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The Scottish Mail on Sunday - 2021-11-21

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£2 jab that could save thousands in danger of bleeding to death

Health

By Erin Dean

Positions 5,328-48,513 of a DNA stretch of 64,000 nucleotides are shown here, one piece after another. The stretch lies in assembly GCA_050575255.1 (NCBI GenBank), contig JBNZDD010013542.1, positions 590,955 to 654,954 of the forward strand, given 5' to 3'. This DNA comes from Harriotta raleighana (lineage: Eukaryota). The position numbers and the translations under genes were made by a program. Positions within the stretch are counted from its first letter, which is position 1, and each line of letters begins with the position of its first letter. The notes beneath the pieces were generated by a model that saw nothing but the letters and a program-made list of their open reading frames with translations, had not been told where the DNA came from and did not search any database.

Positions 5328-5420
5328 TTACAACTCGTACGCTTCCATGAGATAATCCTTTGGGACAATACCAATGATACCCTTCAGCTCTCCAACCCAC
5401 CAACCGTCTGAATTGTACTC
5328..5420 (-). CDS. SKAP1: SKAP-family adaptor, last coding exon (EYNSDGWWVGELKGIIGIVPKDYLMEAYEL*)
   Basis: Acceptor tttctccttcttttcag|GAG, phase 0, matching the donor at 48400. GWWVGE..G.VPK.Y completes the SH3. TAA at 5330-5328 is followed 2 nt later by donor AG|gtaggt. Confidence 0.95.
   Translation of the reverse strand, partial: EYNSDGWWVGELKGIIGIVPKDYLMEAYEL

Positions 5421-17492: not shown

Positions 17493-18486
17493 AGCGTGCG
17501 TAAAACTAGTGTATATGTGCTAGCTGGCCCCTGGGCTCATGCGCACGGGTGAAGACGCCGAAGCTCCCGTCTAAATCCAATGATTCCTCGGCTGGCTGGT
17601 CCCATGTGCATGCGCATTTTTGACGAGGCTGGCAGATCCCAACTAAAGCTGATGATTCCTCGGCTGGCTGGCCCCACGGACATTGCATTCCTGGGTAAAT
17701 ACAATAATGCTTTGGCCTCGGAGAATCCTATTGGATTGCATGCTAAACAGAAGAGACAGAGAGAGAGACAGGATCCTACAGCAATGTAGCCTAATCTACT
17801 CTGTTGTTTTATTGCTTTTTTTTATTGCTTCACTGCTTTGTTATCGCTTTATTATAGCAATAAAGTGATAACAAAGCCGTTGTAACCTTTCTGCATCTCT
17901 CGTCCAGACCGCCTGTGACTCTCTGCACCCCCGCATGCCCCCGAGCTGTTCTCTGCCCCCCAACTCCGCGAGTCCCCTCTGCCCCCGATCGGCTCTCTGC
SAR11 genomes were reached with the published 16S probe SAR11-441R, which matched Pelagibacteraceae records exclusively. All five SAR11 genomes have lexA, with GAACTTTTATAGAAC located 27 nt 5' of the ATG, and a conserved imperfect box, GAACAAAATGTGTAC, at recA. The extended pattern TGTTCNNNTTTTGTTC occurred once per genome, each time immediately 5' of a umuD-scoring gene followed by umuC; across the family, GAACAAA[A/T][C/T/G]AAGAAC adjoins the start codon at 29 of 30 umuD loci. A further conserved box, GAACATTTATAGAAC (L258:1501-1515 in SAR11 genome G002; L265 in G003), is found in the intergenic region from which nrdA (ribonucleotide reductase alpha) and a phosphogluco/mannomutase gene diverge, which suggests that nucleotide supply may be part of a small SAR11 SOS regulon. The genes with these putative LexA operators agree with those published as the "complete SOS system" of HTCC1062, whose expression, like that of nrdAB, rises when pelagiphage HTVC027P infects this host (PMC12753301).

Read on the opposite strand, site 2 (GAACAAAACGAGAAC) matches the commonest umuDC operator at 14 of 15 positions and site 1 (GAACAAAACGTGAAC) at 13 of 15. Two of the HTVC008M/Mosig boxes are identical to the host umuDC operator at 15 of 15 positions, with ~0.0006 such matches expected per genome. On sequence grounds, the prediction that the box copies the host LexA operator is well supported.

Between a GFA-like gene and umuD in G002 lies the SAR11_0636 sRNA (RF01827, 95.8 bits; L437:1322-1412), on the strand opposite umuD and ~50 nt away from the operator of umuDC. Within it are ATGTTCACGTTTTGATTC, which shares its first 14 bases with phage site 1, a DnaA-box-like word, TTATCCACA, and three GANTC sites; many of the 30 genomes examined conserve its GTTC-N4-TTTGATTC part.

SHE was the patient who would go on to define Professor Ian Roberts’s career. The girl, just ten, was rushed into the emergency care doctor’s ward on a bright and sunny afternoon in 1990. She had been in the back seat of her parents’ car when an SUV tried to overtake another vehicle on the other side of the road at 70mph. The result was a head-on collision, and the car carrying the little girl took the brunt. Both her parents were pronounced dead at the scene. She survived the impact but suffered internal bleeding in her stomach – a result of the seat belt pressing into her abdomen. She was fully conscious, and he was sure she would make it. And yet an hour later, colleagues informed him the girl had died. She had suffered a major haemorrhage during surgery to repair her stomach, and bled to death. ‘I was shocked that there was nothing we could do,’ says Prof Roberts – who has since become one of the UK’s leading experts on severe blood loss. ‘Serious bleeds were so common, and I couldn’t understand why there wasn’t a simple solution to stopping bleeding. We had many tools to do it effectively with relatively minor bleeds – so why not major ones? ‘At that moment I became obsessed with researching treatments to end unnecessary deaths involving blood loss.’ BUT two decades later, Professor Roberts warns that similar scenes are still playing out across the country – despite a widely available and highly effective treatment. A cheap drug called tranexamic acid, or TXA, can save a third of people suffering major blood loss, and has no side effects. The medicine, which costs £2 per dose to the NHS, can be injected directly into a muscle in the thigh – or via a vein in the arm – and blocks the release of compounds that stop blood clotting. It is used all over the world to treat victims of road incidents and other major traumatic events. Yet just five per cent of British patients who could potentially benefit after an accident are offered it, according to new research. The stark findings, published by Prof Roberts and colleagues at the London School of Hygiene & Tropical Medicine, also revealed that only three per cent get the drug within the crucial first hour. This lack of the drug’s use has now formed a major line of interrogation at the ongoing public inquiry into the 2017 Manchester Arena terrorist attack, when 22 people were killed at a concert by US pop star Ariana Grande. Families have criticised the care provided by paramedics on the night, and Prof Roberts wrote to chairman Sir John Saunders suggesting that if TXA had been used efficiently, more people may have been saved. Since that intervention, paramedics have been questioned on whether they treated patients with the drug – particularly with regards to the case of 28-year-old John Atkinson, who died following extreme blood loss from a leg injury as he lay on the foyer floor unattended for 47 minutes. His family have accused the emergency services of letting ‘precious time ebb away’ while John bled to death. The inquiry heard that the first paramedic tending to Mr Atkinson had ‘lost’ his drug bag, while the second did use TXA to control the bleeding, but more than an hour after Mr Atkinson had been injured. The Atkinsons’ lawyer said there was no evidence to suggest TXA would have saved John, but he does ‘recognise its lifesaving impact in some circumstances’. The reluctance to use TXA is resulting in hundreds of preventable deaths every year and is a national scandal, claims Prof Roberts, now professor of epidemiology at the London School of Hygiene & Tropical Medicine. ‘Our studies of more than 100,000 trauma victims show it is currently only given to less than ten per cent of patients who could benefit,’ he says. ‘This is shocking, given that there is no scientific disagreement about its life-saving benefits. ‘The problem is poor implementation. Not enough people are getting it, and if they do it is often too late. Thousands of people around the world are bleeding to death needlessly every year, and it is wrong.’ Experts’ warnings come amid recent reports of a national ambulance shortage – with 160,000 patients facing long delays for urgent paramedic care every year. The situation is likely to mean that even fewer get TXA in time to save their life. Major traumatic injuries are the leading cause of death and a significant cause of disability in people aged under 45 in the UK, according to National Institute for Health and Care Excellence (NICE). More than 14,000 Britons die from wounds caused by serious falls or traffic accidents every year, according to the Royal Society for the Prevention of Accidents. Rapid blood loss – both through the skin and internally when blood vessels or organs are ruptured – kills quickly, as it means there is less available for the heart to pump around the body, starving organs of oxygen and other vital nutrients. Without blood, the organs fail. Approaches to treating major blood loss have changed much over the past 30 years. Historically, doctors would inject other fluids to replace the lost blood, in an effort to maintain the correct pressure around the organs. But studies showed that this often made matters worse. Other widely used treatments for blood loss, which remain part of paramedics’ tool kits today, included tourniquets (tight bands that limit the flow of blood out of the body) and specialist dressings for external bleeding, and artificial blood replacements. Then, in 1962, Japanese scientists looked at treatments to save women from dying in childbirth following a severe haemorrhage, and discovered that TXA proved highly effective at helping blood to clot. Another study, in 2011, at Camp Bastion, the British Armed Forces base in Afghanistan, found that more soldiers with major blood loss survived with TXA than without. In the past decade it has been rolled out internationally for use in surgery, maternity, military and emergency healthcare. Professor Tim Nutbeam, a consultant in emergency medicine in Plymouth, who also works with the Devon Air Ambulance, says that when attending an accident, administering TXA is ‘the first thing I do’. He adds: ‘It is such an important part of the treatment. We now understand that the sooner we give it, the better. But healthcare professionals aren’t using it enough, nor is it being used fairly, given to every person who can benefit.’ So why are so few medics using TXA properly? Experts say that the problem lies with stereotypical views about what constitutes a trauma patient. ‘When doctors think of trauma and risk of bleeding to death, they think of a young man in a car crash, or a victim of multiple stab wounds,’ says Prof Nutbeam. ‘Paramedics are much more likely to give TXA to young people, and particularly to young men. But they often fail to give TXA to women and older people, who would benefit. ‘An older person who has tripped on a paving slab can be at risk from serious traumatic injuries and internal bleeding. ‘But these are not the kinds of cases that some paramedics consider as trauma, so they won’t think to deliver the drug.’ Experts refer to these patients as ‘silver trauma’ victims. According to NHS figures, one in three Britons over 65 and half of those over 80 have at least one fall every year. Chillingly, falls are the most common cause of death from injury in the over-65s, according to Government data. There is also some debate as to the severity of the injuries that requires help from a TXA injection. Currently TXA is recommended for use only in ‘severe haemorrhages’. But with internal bleeding it can be difficult to ascertain severity without the help of a scan. Experts suggest that if the word ‘severe’ were removed from the guidance, thousands more would benefit. ‘TXA has no side effects, so there would be no down side involved with giving the drug to those with less obvious or extensive injuries,’ says Prof Roberts. ‘Often an injury can be more severe than paramedics first realise, so it would make sense to deliver it, just in case.’ Tony Stone, in charge of emergency care at the College of Paramedics, says spotting an elderly patient who is at risk of a major haemorrhage can be a challenge. Telltale signs include pale, cold or clammy skin, rapid heart rate, rapid, shallow breathing and lightheadedness. ‘You won’t necessarily be able to detect this from a 999 phone call,’ he says. Medication that is commonly taken by older people can complicate things further, adds Stone. Beta blockers, for instance, taken for heart disease, can slow the heart rate, masking one of the telltale signs of internal bleeding. Meanwhile, blood-thinning drugs make them more likely to suffer a catastrophic bleed. ASTUDY published this month in the Emergency Medicine Journal revealed many reasons as to why paramedics are denying patients the drug. This included a lack of knowledge and experience with TXA, confusion about when not to give it, and difficulty in identifying patients at risk of life-threatening bleeding. Experts say that some of the confusion may lie with recent changes to the guidelines for paramedics on how to administer the drug. Previously it had to be given slowly, over a period of ten minutes. But earlier this year the official guidance for paramedics changed, following publication of a study that showed it was safe and effective to offer TXA as an injection in the thigh, making it easier and faster to use. Now, British doctors are developing a solution to help any member of the public deliver TXA swiftly in a time of crisis. Auto-injectors – pen-like devices, filled with a single dose of TXA – have been shown to be highly effective in early studies involving the military. It means that, even without medics on the scene, lives could still be saved. Prof Roberts hopes such innovations may be available in the next few years, but introducing targets for speedy use of TXA in the meantime would save lives. ‘Ambulances already have to meet time targets for getting stroke patients to a specialist centre,’ he says. ‘TXA is really important, but it is not the only step – the health system has to realign around that treatment. ‘We need to clearly define who should get the drug, and check if they do.’